First World War centenary: Two-year prisoner of war experience left its mark on Ilford soldier captured by the Turks
PUBLISHED: 12:00 03 August 2014 | UPDATED: 10:22 04 August 2014
Walking wounded trudge along a barren landscape for miles, feeling the absence of the thick army jackets which have been taken from them and the icy chill of winter drawing ever closer.
For these men, their journey is a world away from the wave of patriotism they rode on when they enlisted for “the war to end all wars” – the First World War.
Alice White’s father William was one such soldier, who was captured by Turkish forces and sent to a prisoner of war camp for two years.
Pre-war, William, who was born in 1888 and was originally from Brentwood, worked as a labourer at railway sidings in Ilford.
In a twist of fate he sought lodgings with a co-worker and ended up meeting the man’s daughter – his future wife Alice Cottrell.
- The Ottoman Empire was an Islamic power
- At its peak it included countries such as Turkey, Egypt, Greece and Syria
- The empire entered the First World War on the side of Germany and sought to regain lost territories
- The Ottoman/Turkish Army had approximately 600,000 troops
- The Gallipoli campaign later that year was a disaster for Britain, with the Ottomans enjoying a victory
- Britain then increased its efforts in the Middle East, taking action such as bringing in a force of 150,000 men to Mesopotamia
- On March 11 1917, British forces captured Baghdad and two weeks later a strike was made on Gaza. Both the first and second battles of Gaza were unsuccessful
- In October, the forces entered Jerusalem
- The following September, British forces defeated the Ottomans at the Battle of Megiddo. Five days later an armistice came into effect
- When the war ended, Britain was occupying the territory which was to become Iraq, Palestine, Trans-Jordan and Lebanon
Information from the BBC website
But, like so many others, they were wrenched apart when war came calling and William enlisted as a private with the Territorial Force in August 2014.
The 26-year-old and his comrades believed they would be sent to the Western Front, but they were shipped over to Turkey in July 1915 to join the Gallipoli campaign.
Ms White, 90, who lives in Gants Hill, said: “I think Gallipoli was better in a way. When you look at what went on in France, the trenches... it was better to be sent there.”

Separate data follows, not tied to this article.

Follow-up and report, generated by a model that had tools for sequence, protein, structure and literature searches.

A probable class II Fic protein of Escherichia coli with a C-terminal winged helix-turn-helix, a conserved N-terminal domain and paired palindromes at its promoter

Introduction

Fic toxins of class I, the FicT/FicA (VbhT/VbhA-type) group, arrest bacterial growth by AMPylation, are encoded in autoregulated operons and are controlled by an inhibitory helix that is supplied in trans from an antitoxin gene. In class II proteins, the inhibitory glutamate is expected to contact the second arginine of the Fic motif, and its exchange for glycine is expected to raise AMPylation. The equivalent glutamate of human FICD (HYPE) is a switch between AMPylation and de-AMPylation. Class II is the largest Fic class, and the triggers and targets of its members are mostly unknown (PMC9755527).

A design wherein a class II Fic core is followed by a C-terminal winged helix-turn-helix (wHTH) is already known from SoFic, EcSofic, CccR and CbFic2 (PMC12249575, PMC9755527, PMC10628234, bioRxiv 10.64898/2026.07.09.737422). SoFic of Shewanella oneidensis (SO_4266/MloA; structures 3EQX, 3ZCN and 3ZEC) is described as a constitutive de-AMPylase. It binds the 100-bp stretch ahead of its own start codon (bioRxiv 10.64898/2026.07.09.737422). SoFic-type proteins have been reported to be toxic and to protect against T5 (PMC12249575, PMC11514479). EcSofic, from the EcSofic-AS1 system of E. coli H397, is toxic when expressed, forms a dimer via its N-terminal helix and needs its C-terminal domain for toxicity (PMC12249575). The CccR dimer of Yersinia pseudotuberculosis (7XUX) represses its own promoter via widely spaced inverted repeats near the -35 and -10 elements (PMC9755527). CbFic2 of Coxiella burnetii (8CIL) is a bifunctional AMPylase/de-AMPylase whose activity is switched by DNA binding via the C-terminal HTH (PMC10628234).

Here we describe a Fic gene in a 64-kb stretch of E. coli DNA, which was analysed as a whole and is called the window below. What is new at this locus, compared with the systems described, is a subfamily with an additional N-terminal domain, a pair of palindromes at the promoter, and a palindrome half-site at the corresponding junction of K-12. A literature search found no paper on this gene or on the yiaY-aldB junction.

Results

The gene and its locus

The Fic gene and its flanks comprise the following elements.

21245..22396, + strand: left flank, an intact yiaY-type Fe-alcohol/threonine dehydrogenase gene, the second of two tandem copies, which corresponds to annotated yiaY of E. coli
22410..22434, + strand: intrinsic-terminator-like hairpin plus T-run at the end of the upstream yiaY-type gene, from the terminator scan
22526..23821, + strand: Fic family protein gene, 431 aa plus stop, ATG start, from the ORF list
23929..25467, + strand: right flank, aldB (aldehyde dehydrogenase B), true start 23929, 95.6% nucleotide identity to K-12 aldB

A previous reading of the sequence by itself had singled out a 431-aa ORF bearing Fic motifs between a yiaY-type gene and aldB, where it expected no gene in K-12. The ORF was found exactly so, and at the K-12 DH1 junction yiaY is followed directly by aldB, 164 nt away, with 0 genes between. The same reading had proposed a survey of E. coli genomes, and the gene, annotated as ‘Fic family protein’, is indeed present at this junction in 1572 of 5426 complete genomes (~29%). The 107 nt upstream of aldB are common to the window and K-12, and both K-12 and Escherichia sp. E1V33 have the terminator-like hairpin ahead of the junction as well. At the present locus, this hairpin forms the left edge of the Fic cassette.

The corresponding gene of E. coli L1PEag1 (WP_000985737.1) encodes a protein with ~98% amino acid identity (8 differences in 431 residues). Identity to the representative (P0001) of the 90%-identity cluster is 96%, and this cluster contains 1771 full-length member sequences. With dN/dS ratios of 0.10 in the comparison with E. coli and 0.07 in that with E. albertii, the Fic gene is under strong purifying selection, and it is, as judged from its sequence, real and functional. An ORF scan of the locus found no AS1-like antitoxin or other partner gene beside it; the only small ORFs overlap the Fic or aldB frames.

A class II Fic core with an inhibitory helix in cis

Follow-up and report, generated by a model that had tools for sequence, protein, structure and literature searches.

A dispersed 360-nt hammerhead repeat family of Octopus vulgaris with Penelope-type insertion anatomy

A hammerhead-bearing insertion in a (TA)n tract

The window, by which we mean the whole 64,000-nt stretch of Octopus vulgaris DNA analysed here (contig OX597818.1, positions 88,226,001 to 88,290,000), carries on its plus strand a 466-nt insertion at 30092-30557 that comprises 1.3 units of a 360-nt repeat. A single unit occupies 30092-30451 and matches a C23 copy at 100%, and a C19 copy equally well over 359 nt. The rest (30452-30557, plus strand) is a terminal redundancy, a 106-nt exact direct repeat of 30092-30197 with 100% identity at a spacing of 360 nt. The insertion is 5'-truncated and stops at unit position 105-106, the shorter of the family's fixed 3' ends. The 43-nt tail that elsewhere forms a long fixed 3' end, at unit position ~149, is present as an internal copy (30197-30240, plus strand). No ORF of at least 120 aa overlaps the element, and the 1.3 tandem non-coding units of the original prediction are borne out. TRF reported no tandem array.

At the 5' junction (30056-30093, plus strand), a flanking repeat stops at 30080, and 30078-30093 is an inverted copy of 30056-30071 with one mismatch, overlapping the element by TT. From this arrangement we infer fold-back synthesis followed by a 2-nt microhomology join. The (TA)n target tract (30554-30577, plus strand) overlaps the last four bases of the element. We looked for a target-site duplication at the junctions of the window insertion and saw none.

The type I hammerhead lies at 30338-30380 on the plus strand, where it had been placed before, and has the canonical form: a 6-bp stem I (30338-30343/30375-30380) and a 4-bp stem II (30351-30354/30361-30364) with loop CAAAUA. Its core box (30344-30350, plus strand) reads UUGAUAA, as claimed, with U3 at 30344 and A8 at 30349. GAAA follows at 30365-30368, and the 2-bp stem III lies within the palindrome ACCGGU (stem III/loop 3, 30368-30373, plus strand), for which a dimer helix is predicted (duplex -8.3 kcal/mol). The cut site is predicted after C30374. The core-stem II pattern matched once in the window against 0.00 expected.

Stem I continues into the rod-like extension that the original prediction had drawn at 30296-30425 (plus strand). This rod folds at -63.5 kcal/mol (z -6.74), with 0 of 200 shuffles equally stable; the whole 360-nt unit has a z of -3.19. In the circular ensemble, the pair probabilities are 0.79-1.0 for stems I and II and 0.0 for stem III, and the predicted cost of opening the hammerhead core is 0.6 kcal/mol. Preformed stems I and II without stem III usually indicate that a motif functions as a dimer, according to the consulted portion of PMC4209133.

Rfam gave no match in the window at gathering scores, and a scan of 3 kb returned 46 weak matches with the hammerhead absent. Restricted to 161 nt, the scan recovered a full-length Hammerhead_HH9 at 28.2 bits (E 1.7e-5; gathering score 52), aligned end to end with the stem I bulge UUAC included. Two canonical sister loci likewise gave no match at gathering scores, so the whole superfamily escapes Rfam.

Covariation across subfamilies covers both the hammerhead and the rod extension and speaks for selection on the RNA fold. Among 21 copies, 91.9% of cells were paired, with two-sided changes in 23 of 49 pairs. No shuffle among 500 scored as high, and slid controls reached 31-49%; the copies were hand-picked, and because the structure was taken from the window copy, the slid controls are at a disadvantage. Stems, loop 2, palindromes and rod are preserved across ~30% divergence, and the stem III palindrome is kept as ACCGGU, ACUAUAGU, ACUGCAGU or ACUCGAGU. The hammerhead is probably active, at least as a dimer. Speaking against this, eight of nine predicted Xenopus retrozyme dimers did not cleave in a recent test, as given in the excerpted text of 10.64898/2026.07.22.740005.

Her father also fought in Gaza, which had its first battle on March 26 1917.
But one of the most testing times for William, who had become a sergeant, was when he and his fellow soldiers were captured by the Turks.
They made their way through places such as Damascus, now in Syria, over approximately 40 days, travelling on trains before walking the final miles.
During the long journey, the men were shown exactly what the locals thought of them.
“If they passed through a village, the villagers spat on them,” said Ms White.
Some of the healthier prisoners were taken to work on railways, but William, wounded in the side from the earlier fighting, was taken to the camp outside Turkey.
The men suffered meagre rations, but their captors were not living in luxury.
“The Turkish privates were apparently so poor they had the same diet of broth and bread that the prisoners did. They also used to fight barefoot and if they captured British soldiers the first thing they did was take their boots.”
Spring 1918 saw circumstances improve for the soldiers, who were allowed to exercise outside and stage a concert.
Those men considered to be trusted prisoners were also allowed to go out into a bazaar, with an escort. It was during one of these trips that William discovered the war was finally coming to a close.
“There were notices in shops and houses and local Turks were clustered about all excited. Dad said [to the guard], ‘Is it peace?’ and he said not peace, armistice.”
William returned to Ilford in 1919 and went on to have Alice and her older brother William, known by his middle name Arthur, with his wife – who he had married while on leave in 1915.
He worked at Ilford Central Library as a library attendant until he retired.
But although William, who died aged 87 in 1976, wrote an unpublished memoir about his prisoner of war experiences, A Crusader in Khaki, he did not share his memories with his family.
“He never spoke about the war,” said Ms White. “But it was the prisoner of war experience that left a mark on him.”
William’s experiences are to be included in Redbridge Museum’s First World war exhibition, which will launch on November 11.
As well as the exhibition, supported by the Heritage Lottery Fund, the attraction will launch a website and school education sessions.
For more information, call 020 8708 2317 or visit redbridge.gov.uk/museum.